State Marriage Amendments



DIFFERENCES BETWEEN STATE MARRIAGE AMENDMENTS
By FPN Policy Analyst Alexander Mason


State marriage amendment proposals vary greatly across the country. This policy paper explains FPN’s positions on the various forms of these amendments and explains why the differences between them are so significant.


In 2003, the U.S. Supreme Court created a Constitutional “right” to homosexual sodomy in the landmark case known as Lawrence v. Texas. That same year, the Massachusetts Supreme Judicial Court took the unprecedented step of requiring its legislature to create so-called “gay marriages,” thereby triggering fears that the full faith and credit clause in the U.S. Constitution would be used to require all states to recognize homosexual “unions” from Massachusetts.

Since that time, pro-family lawmakers and citizens have amended most state constitutions in order to preserve the centuries-old definition of marriage between one man and one woman. Some of those states adopted amendments that define the term “marriage” AND ban counterfeits like civil unions and domestic partnerships. Unfortunately, some other states only define the word “marriage.”

State marriage amendment proposals vary greatly across the country. This policy paper explains FPN’s positions on the various forms of these amendments and explains why the differences between them are so significant.


The new objective: Gaining “legal incidents” vs. “the m-word”

Just as water takes the path of least resistance as it flows downhill, liberal activists who want to redefine the family are constantly changing their tactics in order to accomplish their objectives. That’s why it’s important for pro-family groups on the state level to learn from the fortunes and missteps of those who have forged ahead.

Perhaps no more important lesson can be learned from the efforts thus far, than the willingness of homosexuals to change their goals and methods when necessary, in order to obtain their ultimate objectives incrementally. As an example, homosexual activists have begun to accept the fact that public opinion and political momentum have clearly shifted against “gay” marriage. Therefore, while liberals continue to publicly demand “equality” for homosexuals who want the rewards of marriage, they are simultaneously working behind the scenes to gain the benefits of marriage without immediately demanding they be able to use the word.

Here’s a description of this shrewd change in tactics, as explained by homosexual activist and columnist John Corvino:

(1) Properly crafted civil-unions legislation could grant ALL of the legal incidents of marriage (albeit under a different name). I am not talking about “watered-down” civil unions here; I’m talking about the full legal enchilada.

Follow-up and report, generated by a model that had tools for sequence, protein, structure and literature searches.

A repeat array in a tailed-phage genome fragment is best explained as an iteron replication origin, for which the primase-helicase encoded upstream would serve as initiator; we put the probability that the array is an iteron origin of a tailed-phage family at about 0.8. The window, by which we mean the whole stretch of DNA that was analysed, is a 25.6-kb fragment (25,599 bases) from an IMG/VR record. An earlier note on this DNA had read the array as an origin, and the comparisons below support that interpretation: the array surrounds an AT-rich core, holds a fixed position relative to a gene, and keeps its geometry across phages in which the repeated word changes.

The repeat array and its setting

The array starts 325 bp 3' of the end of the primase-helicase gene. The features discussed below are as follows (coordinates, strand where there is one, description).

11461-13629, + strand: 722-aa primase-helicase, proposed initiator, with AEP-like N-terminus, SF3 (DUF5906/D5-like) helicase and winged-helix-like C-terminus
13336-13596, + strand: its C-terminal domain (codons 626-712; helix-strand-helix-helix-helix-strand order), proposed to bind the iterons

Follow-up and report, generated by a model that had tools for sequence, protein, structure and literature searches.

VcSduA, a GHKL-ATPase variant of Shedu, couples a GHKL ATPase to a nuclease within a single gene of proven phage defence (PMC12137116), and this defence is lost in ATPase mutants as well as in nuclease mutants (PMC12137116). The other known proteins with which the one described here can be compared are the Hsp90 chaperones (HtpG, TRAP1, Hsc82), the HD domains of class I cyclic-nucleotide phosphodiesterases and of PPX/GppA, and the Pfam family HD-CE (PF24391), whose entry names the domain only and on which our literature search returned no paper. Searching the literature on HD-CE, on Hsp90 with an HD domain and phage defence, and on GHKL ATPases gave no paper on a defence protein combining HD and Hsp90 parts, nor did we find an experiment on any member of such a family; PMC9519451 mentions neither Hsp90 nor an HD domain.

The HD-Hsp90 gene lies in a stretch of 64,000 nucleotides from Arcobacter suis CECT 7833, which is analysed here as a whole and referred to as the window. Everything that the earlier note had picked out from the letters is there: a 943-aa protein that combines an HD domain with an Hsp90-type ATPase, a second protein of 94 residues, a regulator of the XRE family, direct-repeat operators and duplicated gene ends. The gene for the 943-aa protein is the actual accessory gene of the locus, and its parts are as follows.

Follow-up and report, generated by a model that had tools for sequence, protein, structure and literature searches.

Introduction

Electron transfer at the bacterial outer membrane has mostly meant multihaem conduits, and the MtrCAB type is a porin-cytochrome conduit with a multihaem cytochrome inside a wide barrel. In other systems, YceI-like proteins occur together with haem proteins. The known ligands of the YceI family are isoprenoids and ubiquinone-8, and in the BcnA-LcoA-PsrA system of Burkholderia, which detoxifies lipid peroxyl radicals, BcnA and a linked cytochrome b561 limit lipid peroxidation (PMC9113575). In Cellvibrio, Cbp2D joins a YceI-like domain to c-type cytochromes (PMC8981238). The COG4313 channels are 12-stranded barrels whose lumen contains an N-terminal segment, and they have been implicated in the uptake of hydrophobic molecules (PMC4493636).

(2) The difference between such unions and marriage, since it is not a difference in legal incidents, appears to be a difference in level of social endorsement carried by the “m-word.”

(3) Our best strategy (in most states) for securing the tremendously important legal incidents is to fight for them under the name “civil unions.”

(4) Our best strategy for securing the social endorsement (i.e., marriage under the name “marriage”) is first to secure the legal incidents. Then people will look at our civil unions, realize that they are virtually indistinguishable from marriages, start calling them marriages, and gradually forget why they objected to doing so before. That’s what happened in Scandinavia, and it’s happening elsewhere in Europe.

(5) Attempts to force the social endorsement too quickly (by demanding the name “marriage” above and beyond the legal incidents) may backfire, resulting in state constitutional bans not only on gay marriage but also on civil unions. The upshot would be to delay BOTH the legal incidents and the social endorsement.

As pro-family advocates work to amend constitutions in their respective states, it is critical that they seek the advice of a variety of litigating marriage-law attorneys on the national level – as well as the leaders of successful marriage amendment battles in other states. This way, they can avail themselves of the “lessons learned” in other places; both legal and political. They must draw on a broader base of knowledge than just the conventional legal wisdom from within one state’s borders, or even from one or two outside organizations.